Nunavut is the largest territory of Canada and also the northernmost–located in the Arctic circle. Its name translatable as “our land,” Nunavut has strongly preserved its native Inuit culture and language, and as a visitor, you’ll encounter people living with traditions and customs completely different from those found anywhere else
Because of its massive distances between places and extreme weather cycles (snow covered spring, weeks of 24-hour summer sunshine), travel to Nunavut has a built in adventure element, with access to pristine wilderness and abundant wildlife like few places left on earth.
Planning your Trip
The best time to come: Spring and summer. Spring is great for floe edge trips, dogsled trips, skidooing, cross-country skiing, hamlet celebrations, fishing derbies, and more. In summer, count on hiking, climbing, fishing, hunting, canoeing, kayaking, whale watching, or cruise offerings. Other activities stretch into several seasons, like birding, wildlife viewing and art tours.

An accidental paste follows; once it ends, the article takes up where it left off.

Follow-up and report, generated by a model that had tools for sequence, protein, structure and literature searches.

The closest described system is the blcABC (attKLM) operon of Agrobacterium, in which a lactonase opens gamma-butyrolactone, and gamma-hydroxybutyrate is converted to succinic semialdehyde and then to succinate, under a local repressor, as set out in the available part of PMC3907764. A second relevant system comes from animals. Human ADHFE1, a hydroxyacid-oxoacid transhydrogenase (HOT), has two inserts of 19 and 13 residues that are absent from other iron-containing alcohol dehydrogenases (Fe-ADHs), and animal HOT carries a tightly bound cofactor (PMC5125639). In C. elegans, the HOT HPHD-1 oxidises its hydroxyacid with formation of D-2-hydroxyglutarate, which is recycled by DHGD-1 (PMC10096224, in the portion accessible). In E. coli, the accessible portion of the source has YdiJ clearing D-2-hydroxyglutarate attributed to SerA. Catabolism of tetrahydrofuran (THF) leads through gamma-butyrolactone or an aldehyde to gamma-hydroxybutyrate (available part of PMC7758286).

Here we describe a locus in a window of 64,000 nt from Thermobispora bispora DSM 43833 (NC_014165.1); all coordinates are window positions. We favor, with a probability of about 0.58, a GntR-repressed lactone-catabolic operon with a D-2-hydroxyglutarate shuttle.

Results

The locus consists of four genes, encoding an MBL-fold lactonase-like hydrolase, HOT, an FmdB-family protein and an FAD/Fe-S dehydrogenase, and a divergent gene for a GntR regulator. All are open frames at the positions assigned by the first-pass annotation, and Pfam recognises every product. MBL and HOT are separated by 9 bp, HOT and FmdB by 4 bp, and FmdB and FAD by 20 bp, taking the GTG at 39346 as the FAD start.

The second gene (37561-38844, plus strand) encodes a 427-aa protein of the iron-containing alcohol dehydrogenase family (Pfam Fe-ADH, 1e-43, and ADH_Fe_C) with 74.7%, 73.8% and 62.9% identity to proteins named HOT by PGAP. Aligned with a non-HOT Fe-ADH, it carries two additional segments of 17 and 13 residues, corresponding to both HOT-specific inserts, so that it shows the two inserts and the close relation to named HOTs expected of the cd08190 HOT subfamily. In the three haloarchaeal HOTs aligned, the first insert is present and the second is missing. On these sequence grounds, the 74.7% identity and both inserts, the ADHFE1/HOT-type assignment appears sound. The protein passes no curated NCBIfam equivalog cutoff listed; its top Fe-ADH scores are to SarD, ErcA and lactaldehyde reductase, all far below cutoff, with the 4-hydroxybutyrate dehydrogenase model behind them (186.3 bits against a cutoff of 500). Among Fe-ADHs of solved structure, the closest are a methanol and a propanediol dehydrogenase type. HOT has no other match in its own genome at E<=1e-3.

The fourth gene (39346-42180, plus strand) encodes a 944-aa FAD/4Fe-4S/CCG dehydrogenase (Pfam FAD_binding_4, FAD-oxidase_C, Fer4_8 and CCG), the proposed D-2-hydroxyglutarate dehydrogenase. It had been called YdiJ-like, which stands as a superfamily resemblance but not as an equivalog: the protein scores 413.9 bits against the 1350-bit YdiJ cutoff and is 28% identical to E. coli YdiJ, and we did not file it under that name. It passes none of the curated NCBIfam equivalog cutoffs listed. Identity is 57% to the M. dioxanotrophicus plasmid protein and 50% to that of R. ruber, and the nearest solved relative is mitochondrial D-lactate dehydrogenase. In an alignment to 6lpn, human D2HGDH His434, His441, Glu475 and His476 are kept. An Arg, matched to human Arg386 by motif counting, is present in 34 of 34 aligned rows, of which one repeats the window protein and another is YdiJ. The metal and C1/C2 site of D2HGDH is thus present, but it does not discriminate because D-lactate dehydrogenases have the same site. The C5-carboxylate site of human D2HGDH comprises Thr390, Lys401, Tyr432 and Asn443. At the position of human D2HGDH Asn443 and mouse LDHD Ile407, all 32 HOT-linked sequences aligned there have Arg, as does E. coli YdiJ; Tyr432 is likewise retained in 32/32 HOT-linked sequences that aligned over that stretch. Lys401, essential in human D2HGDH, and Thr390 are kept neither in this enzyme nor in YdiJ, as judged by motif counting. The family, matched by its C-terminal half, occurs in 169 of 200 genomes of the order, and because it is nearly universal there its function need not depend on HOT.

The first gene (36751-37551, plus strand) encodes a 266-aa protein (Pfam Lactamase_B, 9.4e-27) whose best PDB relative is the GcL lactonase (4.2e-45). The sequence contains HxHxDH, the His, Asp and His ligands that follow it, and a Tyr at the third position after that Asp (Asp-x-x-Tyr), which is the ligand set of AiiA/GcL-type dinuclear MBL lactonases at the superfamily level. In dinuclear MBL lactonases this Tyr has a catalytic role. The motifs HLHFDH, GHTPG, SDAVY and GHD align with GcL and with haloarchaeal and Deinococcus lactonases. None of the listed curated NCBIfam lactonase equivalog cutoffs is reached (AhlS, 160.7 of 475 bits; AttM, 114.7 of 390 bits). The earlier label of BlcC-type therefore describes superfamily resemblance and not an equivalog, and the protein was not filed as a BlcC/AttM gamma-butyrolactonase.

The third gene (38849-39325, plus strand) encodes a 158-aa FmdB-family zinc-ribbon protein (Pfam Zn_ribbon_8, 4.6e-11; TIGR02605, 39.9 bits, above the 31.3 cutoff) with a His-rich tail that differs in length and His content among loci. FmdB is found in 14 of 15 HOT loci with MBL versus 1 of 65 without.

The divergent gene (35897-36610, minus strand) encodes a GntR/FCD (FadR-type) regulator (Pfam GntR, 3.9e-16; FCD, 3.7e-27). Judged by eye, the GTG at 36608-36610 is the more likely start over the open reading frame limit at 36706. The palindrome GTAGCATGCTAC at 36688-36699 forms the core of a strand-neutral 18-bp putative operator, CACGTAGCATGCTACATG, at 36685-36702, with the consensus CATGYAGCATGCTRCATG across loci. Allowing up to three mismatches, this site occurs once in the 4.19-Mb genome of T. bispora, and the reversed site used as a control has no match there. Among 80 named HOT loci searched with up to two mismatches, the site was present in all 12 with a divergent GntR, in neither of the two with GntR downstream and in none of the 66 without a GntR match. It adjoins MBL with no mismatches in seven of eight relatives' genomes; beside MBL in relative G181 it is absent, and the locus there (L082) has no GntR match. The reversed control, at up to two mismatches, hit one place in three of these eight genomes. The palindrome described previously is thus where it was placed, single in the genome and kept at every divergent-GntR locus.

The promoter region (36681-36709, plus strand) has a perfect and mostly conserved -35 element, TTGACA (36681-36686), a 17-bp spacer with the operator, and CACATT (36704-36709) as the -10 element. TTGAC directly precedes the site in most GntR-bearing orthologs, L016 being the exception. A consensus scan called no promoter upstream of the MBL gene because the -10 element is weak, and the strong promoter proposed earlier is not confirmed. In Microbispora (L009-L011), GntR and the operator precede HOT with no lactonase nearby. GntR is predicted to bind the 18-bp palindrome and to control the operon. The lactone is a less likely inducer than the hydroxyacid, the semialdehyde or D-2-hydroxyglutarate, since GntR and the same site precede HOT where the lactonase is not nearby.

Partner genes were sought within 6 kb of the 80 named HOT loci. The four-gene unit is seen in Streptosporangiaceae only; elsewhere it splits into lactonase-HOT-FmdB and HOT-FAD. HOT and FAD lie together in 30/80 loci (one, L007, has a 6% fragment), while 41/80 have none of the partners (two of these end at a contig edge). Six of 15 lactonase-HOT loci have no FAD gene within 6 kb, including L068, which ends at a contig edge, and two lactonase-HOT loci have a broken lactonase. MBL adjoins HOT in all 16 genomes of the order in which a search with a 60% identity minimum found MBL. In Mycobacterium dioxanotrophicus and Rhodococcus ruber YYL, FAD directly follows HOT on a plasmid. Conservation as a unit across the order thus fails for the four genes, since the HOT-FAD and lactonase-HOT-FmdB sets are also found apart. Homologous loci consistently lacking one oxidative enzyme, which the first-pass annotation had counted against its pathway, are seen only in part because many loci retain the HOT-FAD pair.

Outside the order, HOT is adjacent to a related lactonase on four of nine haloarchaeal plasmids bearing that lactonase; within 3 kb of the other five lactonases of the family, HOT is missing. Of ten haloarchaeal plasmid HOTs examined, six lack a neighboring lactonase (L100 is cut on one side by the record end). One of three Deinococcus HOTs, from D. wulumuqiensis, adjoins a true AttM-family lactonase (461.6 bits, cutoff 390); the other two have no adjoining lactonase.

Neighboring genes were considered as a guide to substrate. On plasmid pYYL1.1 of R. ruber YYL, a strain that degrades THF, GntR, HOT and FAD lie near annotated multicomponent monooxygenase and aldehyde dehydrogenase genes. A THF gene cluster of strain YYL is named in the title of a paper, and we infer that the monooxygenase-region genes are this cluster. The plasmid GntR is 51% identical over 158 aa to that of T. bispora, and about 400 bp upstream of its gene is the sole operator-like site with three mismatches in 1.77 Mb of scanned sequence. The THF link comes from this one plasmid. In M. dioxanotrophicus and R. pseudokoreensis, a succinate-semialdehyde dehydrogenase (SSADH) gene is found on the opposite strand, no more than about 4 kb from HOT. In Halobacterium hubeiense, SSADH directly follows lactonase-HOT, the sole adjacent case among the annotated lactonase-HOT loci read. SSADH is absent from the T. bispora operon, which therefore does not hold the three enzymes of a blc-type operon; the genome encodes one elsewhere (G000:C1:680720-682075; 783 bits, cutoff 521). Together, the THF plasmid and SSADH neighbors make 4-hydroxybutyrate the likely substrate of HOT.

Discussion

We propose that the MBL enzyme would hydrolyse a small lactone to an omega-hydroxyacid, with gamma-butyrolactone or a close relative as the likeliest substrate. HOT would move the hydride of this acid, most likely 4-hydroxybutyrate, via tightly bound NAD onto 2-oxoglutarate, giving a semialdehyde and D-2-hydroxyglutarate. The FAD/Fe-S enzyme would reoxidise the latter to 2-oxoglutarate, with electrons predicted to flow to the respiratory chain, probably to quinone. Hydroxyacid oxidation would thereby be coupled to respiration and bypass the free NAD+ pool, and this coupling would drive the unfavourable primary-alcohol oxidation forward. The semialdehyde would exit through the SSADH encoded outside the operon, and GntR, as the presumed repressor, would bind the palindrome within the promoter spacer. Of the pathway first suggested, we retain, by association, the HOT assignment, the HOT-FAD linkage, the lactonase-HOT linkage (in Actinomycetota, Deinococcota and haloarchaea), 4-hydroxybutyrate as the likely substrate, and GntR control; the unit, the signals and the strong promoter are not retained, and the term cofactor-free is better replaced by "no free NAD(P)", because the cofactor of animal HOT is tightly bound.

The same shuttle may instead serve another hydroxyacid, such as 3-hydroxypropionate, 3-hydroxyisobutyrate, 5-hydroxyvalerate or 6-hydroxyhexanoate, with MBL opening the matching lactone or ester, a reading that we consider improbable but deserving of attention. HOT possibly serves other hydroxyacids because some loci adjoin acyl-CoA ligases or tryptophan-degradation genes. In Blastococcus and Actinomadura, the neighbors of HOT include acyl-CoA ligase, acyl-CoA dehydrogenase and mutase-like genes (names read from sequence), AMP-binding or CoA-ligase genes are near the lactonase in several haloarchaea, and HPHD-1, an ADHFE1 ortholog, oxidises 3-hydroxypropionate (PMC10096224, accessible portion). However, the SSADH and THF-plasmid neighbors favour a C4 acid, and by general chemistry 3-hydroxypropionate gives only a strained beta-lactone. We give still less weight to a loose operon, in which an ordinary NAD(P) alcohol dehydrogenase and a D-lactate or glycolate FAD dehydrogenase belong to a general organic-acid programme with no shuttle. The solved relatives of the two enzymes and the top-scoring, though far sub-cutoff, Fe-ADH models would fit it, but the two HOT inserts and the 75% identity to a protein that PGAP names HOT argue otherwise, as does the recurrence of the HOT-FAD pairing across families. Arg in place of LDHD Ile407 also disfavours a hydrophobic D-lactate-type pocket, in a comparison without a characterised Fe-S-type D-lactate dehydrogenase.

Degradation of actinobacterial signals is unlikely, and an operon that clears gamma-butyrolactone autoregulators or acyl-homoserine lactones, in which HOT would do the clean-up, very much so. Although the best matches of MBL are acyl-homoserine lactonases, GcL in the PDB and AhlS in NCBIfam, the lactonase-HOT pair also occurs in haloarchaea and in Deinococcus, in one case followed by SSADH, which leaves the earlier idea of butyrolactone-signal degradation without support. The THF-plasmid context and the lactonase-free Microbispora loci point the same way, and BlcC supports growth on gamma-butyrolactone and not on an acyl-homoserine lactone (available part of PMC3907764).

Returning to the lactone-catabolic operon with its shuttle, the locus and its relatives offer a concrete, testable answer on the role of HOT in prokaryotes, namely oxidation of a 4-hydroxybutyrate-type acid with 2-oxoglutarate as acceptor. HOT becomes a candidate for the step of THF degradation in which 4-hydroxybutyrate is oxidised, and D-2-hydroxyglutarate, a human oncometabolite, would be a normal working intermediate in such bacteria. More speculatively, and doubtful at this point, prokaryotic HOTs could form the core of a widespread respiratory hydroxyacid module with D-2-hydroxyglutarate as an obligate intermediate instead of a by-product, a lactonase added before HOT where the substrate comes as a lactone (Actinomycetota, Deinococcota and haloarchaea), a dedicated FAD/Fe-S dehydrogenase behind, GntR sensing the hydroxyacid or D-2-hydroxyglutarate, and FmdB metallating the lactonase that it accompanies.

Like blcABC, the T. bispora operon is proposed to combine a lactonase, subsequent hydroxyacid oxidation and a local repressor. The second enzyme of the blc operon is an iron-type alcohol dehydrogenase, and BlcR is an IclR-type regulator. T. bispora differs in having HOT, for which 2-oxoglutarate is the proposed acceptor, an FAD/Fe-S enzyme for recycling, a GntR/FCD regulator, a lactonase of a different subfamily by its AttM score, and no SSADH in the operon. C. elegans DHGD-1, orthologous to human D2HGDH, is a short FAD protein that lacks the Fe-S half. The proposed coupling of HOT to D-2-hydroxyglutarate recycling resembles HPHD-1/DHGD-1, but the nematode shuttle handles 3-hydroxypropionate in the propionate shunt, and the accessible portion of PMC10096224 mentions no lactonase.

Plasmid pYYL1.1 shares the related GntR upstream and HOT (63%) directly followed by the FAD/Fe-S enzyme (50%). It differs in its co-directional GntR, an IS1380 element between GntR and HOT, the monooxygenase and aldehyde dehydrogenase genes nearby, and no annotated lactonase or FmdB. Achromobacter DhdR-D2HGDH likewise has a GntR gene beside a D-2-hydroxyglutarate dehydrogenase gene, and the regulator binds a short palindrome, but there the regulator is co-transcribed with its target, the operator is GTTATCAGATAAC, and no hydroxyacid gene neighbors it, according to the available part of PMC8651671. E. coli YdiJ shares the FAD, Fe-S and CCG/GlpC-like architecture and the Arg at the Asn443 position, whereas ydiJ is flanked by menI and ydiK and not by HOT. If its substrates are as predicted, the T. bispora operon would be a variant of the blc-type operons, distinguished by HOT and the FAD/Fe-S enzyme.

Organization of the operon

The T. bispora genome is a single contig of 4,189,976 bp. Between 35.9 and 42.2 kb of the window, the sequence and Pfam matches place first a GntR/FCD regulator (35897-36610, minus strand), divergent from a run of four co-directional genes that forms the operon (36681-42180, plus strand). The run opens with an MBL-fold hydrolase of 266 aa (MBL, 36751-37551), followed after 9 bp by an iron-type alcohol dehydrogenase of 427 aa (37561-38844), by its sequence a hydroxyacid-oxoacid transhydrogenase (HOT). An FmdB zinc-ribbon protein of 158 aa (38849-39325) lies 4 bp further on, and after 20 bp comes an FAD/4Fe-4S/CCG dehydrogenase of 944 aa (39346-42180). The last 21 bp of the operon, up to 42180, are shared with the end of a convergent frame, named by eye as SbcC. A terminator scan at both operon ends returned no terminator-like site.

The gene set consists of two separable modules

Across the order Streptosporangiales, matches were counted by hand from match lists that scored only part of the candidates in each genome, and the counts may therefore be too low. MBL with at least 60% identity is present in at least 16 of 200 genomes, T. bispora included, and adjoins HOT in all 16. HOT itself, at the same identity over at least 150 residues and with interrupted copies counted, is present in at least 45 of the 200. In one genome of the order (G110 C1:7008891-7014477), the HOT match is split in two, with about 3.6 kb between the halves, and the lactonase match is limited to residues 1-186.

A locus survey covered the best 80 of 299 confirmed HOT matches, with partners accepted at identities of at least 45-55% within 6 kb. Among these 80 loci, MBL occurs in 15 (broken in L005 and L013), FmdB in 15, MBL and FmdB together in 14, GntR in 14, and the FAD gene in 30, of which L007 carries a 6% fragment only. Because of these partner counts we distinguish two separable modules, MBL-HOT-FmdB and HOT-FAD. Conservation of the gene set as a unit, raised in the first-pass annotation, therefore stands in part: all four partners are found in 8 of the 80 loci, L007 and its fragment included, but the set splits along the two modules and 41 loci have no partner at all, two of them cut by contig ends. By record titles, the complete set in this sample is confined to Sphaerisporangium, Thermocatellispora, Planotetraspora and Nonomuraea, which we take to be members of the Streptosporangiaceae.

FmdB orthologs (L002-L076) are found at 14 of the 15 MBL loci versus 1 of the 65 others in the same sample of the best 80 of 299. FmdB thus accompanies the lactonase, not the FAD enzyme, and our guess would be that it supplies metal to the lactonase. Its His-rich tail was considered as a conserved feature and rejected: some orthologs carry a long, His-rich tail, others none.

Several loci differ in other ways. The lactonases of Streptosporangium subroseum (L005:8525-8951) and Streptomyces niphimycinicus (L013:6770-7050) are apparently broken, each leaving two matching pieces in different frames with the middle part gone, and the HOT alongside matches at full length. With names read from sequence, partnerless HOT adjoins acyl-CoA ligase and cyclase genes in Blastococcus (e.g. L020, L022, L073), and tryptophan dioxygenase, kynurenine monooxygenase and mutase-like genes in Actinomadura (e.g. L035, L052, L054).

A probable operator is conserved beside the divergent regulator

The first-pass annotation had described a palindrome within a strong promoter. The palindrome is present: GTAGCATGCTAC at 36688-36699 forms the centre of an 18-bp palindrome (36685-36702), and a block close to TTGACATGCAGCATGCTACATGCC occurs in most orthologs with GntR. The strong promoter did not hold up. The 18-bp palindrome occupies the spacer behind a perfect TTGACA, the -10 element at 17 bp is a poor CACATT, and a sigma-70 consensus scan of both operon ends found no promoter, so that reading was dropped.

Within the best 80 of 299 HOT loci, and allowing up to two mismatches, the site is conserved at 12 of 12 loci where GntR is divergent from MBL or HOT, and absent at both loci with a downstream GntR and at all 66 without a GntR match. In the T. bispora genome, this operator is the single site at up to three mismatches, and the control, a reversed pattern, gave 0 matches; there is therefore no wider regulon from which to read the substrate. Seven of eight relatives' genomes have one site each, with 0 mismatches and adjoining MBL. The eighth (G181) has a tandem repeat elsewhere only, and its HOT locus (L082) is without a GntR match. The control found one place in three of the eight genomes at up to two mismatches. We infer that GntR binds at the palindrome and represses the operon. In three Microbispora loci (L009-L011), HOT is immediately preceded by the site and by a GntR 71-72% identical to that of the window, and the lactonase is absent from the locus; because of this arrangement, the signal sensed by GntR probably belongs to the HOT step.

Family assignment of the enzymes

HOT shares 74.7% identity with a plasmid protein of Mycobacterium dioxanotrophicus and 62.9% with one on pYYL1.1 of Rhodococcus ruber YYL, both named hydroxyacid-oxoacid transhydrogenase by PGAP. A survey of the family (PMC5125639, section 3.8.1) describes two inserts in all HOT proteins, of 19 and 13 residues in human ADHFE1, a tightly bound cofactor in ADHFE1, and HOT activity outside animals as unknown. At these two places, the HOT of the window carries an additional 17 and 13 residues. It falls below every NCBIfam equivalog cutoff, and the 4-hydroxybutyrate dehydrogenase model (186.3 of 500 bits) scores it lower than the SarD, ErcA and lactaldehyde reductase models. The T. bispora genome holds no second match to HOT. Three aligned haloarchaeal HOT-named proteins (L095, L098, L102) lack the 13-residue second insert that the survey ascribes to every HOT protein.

Summer months are July and August, with ice breaking up (later in August for North Baffin Island and the High Arctic). Daytime highs range from around 12° C on Baffin Island to around 24° C on mainland Nunavut. The snow returns and ice freezes up in October/September. Spring, from March through to June, is like a southern Canadian winter. Daytime highs are between -20° C and -10° C but since most of the Arctic is a polar desert, the low humidity reduces the impact of the cold. Plus, the intense sunshine lasting up to 18 hours helps take the edge off! With the right gear, including sunscreen and sunglasses, springtime is one of Nunavut’s ultimate pleasures.
How to get here
By plane – there are no roads, ferry or rail service connecting Nunavut to the rest of Canada, or for that matter, connecting communities within Nunavut (except for a 21-kilometre stretch between Arctic Bay and Nanisivik). There are regular flights to Nunavut from Ottawa, Montreal, Winnipeg and Edmonton in southern Canada and between communities.